Rock & roll is not a game for those with innocent hearts. Fortunately, there have been a few people with innocent hearts who have slipped through the cracks and brought a real sense of joy to the music scene. One of them is Jonathan Richman and the other is Duglas Stewart and his BMX Bandits cohorts (including Francis MacDonald, Norman Blake, and Joe McAlinden, amongst others). Perhaps these artists are not literally innocent, but the music they bring to the table is passive, pure, and carefree, not aggressive or mean spirited in nature. The Bandits, of course, are one of Scotland's great unsung bands, sharing members with Teenage Fanclub, the Soup Dragons, Superstar, and others, yet steering a clear path of their own with captain Stewart and co-pilot MacDonald at the helm. Stewart's voice is a strange mix of Mike Love, Lou Reed, and Richman, but works perfectly within the context of the Bandits' music. With the sweet-voiced McAlinden (later of Superstar) handling lead vocals on a few tracks (and backing vocals throughout), there is a nice balance that saves the album from certain monotony (like an Oasis album, for example). Loaded with pop songs galore and beautifully produced by Duncan Cameron and the band, Star Wars is the first in a line of great Bandits albums. From the joyful "Come Clean," "Students of Life," "Life Goes On," and "Do You Really Love Me?" to the heart-tugging "Extraordinary," there is hardly a wasted moment within earshot. If you can imagine the sheer pop genius of Teenage Fanclub with Mike Love singing lead, then you may have an idea of what you're in for. And if you could put wide-eyed innocent pop back onto the charts, then BMX Bandits would be superstars.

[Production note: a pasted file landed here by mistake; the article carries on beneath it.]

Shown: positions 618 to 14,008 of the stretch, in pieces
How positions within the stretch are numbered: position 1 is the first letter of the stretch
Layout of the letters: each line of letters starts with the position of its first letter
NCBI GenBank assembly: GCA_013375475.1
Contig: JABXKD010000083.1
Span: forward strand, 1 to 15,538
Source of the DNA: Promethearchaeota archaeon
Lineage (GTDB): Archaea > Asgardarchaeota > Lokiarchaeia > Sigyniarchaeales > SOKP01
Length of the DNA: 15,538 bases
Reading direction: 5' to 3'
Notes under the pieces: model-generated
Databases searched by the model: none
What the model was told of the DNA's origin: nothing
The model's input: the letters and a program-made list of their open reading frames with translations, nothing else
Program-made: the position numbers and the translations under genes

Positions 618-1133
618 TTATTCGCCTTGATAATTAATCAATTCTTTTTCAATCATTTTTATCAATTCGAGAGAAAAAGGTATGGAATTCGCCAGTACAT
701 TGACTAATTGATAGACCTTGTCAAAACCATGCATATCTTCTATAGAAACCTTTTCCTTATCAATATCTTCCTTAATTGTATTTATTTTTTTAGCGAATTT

AllMusic Review by Stephen Schnee